By Alan Scherstuhl
By Charles Taylor
By Melissa Anderson
By Inkoo Kang
By Amy Nicholson
By Sam Weisberg
By Stephanie Zacharek
By Chuck Wilson
Less monumental in its purity and more subtle in its radicalism, Antonioni's 1962 masterpiece L'Eclisseshowcases Vitti as his moodiest, most evasive heroine, drifting out of one affair and into another with Alain Delon's mercurial stockbroker, both of these beautiful creatures over- shadowed by the blandly futuristic architecture of the film's setting. As L'Eclisseanticipates Jean-Luc Godard's 1965 Alphaville in its use of a "found" Flash Gordon landscape, Antonioni's first color film, Red Desert, is almost pure science fiction. Everything exudes a chemical glow; nature has been supplanted.
The overrated Blowup and underrated Zabriskie Point form, with The Passenger (1975)which stars Jack Nicholson as an international man of mysterya loose trilogy, less enduring but more personal than the Vitti vehicles. In each of these laconic, ostentatiously with-it thrillers, an alienated male protagonist stumbles into some sort of social commitment, attempting the passage from witness to participant. All three were made in English at a time when Antonioni was the world's most cosmopolitan filmmakeran example of what German author Hans-Magnus Enzensberger unkindly termed a "tourist of the revolution." Antonioni's 1972 China documentary Chung Kuo Cina, made the year before Enzensberger's essay was published, might be considered a pendant on the "radical tourist" trilogy. Antonioni was a Now-ist.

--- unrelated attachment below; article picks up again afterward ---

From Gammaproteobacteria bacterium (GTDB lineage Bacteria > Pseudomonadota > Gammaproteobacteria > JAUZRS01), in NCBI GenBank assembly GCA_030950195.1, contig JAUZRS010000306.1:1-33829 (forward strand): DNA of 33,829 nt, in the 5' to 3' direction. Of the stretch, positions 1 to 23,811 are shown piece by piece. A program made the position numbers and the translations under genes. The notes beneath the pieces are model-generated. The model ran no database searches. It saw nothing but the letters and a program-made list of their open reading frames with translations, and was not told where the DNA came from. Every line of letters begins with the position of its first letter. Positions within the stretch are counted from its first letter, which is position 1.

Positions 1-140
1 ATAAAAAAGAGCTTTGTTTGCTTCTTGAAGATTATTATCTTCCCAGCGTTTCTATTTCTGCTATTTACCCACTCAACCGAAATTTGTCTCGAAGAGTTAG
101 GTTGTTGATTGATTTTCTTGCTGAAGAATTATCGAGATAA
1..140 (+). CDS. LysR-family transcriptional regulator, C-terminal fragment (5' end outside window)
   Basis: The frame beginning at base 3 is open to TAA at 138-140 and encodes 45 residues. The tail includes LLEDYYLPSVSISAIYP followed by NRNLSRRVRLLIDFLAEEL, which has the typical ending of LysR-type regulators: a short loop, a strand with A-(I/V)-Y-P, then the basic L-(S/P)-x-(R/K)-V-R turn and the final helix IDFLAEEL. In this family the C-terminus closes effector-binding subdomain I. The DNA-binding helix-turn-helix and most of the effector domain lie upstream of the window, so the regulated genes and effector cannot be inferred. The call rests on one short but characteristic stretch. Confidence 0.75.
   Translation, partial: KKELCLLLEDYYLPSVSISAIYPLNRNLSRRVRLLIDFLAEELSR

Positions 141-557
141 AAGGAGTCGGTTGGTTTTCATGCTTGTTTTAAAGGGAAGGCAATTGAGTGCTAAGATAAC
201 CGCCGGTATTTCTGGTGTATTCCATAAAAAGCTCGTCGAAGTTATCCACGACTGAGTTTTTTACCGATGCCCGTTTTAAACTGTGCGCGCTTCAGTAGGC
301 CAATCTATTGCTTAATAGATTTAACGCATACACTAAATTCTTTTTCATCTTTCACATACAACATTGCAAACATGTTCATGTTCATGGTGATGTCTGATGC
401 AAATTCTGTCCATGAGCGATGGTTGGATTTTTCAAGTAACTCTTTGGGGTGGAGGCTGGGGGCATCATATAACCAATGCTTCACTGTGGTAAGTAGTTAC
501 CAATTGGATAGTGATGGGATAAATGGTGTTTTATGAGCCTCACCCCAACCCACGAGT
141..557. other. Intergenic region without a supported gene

"In this period, they had what was called 'the art film,'" Nicholson explains in the commentary that augments The Passenger's DVD release, locating it in some irretrievable past. Fair enough. Antonioni's trendiness was a factor of his desire to engage the history of his times. It's suggestive that those contemporary directors who have made the most use of Antonioni's exampleAbbas Kiarostami, Tsai Ming-liang, the late Edward Yangare from nations once considered "third world."
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